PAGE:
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The Decision To Drop The Atomic Bomb

Essay, Research Paper Maria Tidwell World Cultures III Professor Longfellow 26 November 2000 The Decision to Drop the Atomic Bomb On August 6th 1945, the world changed forever. The United States dropped the first Atomic bomb over the city of Hiroshima, Japan. The surviving witness Miyoko Watanabe describes her experience:

Essay, Research Paper

Maria Tidwell

World Cultures III

Professor Longfellow

26 November 2000

The Decision to Drop the Atomic Bomb

On August 6th 1945, the world changed forever. The United States dropped the first Atomic bomb over the city of Hiroshima, Japan. The surviving witness Miyoko Watanabe describes her experience:

I came out of the front door?an intense yellow, orange and white light overwhelmed me? the light was thousands of times brighter than a magnesium flash gun?I went inside to hide?There were strange sounds, crashing noises and jolts, and I kept no track of the time?I locked back to see how my mom was. She looked worse then a devilish witch. (47)

The heat was intolerable; everywhere Miyoko looked there were wounded and dying people, bleeding from all over their bodies like her mom. Miyoko continues, “Those who fled from one or one and a half kilometer from the hypocenter really did have to step over bodies and shake off hands grasping their legs for help. When someone caught hold of their shoes they just had to leave their precious shoes and flee ? otherwise they wouldn?t survive”(49). A friend of Miyoko told her that he had to leave his sister to die in the flames to save his life. That day, according to the Japan Times, 140,000 died as a direct result of the bombing. Later the total number of victims claimed in Hiroshima City came to 217,137.

There is one question that comes to my mind reading these terrible stories from the victims of Hiroshima; was this necessary?

Scholars have discussed the question for more than half a century. However, they all agree that the answer to this question does not make the use of atomic weapons seem less awesome or less awful, but it merely throw different light on it.

The main argument defending the decision to drop the bomb is that it was necessary to end the war. Richard B. Frank in his book, Downfall: The End of the Imperial Japanese Empire defends the American decision. Relying on a host of original documentary sources, most notably the Japanese messages that were intercepted and decoded by the American forces, he presents a researched work that attempts to explain what might have happened if the bombs had not been dropped. The reader is left with the unshakable conclusion that the use of the bomb was a necessary evil–that the government of Japan was not ready to surrender, and even after the bombing of Hiroshima, the decision was to fight on. However, the conclusion of his book is that the bombing of Nagasaki (though nowhere near as damaging as the bombing of Hiroshima) persuaded the Japanese cabinet that the bomb was not a “one off” event, and that they faced certain destruction if they didn’t sue for peace.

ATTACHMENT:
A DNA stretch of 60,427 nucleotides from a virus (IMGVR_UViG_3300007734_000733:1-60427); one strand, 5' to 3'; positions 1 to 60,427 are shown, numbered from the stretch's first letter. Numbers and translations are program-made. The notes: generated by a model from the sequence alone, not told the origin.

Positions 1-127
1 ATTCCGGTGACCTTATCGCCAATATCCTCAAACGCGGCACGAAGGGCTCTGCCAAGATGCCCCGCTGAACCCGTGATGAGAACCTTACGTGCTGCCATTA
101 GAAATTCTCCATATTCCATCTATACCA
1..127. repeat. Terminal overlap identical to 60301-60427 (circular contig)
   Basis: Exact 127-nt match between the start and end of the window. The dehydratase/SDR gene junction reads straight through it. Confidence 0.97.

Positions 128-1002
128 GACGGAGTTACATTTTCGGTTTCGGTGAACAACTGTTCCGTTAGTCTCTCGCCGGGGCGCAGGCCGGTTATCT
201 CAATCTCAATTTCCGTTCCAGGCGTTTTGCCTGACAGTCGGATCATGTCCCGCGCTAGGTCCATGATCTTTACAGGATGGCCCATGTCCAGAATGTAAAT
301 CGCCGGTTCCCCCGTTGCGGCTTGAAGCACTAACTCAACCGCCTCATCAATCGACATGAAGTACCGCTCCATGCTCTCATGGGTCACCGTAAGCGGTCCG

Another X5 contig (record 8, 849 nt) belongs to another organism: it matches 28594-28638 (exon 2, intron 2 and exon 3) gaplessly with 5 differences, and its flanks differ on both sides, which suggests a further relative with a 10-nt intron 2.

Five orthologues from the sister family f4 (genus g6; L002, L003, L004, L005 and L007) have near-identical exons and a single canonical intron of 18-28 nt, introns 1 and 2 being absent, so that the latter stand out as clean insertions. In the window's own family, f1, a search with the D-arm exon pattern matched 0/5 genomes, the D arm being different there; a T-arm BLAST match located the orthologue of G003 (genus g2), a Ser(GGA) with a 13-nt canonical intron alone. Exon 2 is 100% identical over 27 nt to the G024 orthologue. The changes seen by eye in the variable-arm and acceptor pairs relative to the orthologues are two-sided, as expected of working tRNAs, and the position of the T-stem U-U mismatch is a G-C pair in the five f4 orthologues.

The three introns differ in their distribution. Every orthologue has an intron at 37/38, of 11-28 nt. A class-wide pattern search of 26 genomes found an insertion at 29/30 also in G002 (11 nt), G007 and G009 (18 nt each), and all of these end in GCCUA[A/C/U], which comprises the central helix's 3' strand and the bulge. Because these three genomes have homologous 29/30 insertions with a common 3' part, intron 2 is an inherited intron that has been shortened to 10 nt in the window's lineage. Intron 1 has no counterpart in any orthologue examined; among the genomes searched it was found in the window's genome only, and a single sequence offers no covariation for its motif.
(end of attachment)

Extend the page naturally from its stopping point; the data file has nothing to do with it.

According to Frank, “Most American strategists believed that the war with Japan would be a ?long drown out operation? with Japan?s fanatical resistance extracting mounting casualties the closer the American forces drew to the Home Islands” (21). To understand this position, it is necessary to take a closer look at the American experience with the Japanese, during the war.

The Japanese were known by their culture of no surrender; they would rather die than surrender. Particularly, in the Japanese military forces this tradition was prominent. Frank continues with a terrible example of this, “The first intimations that the Japanese would literally choose death over surrender?and not merely an elite warrior caste but the rank and file?came in August 1942 at Guadalcanal. Two small Imperial Navy island garrisons fought to virtual extinction.” Major general Alexander Archer Vandegrift, the Marine commander wrote: “I have never heard or read of this kind of fighting. These people refuse to surrender. The wounded wait until men come up to examine them?and blow themselves and the other fellow to pieces with a hand grenade”(28).

Another example, maybe as shocking, happened at the island of Saipan; nearly 30,000 Japanese soldiers fought to the death, only 921 (3 percent) were taken prisoner. On this Island there were 20,000 civilians. Only 10,258 surrendered; the rest chose death. “In a carnival of death that shocked even battle-hardened Marines, whole families waded into the sea to drown together or huddled to blow themselves up with grenades; parents tossed their children off cliffs before leaping to join them in death” (29). According to the American historian John Dower, Japanese political and military authorities inoculated them with the terror that “the Americans would rape, torture and murder them, and that it was more honorable to take their own lives”(29). Based on such knowledge, the American president, Harry Truman, actually appeared surprised when he heard about the Japanese decision to surrender after the bombing of Nagasaki. Following these experiences the allied chief commander General Marshall declared that an invasion of the industrial heart of Japan was necessary to end the war (30).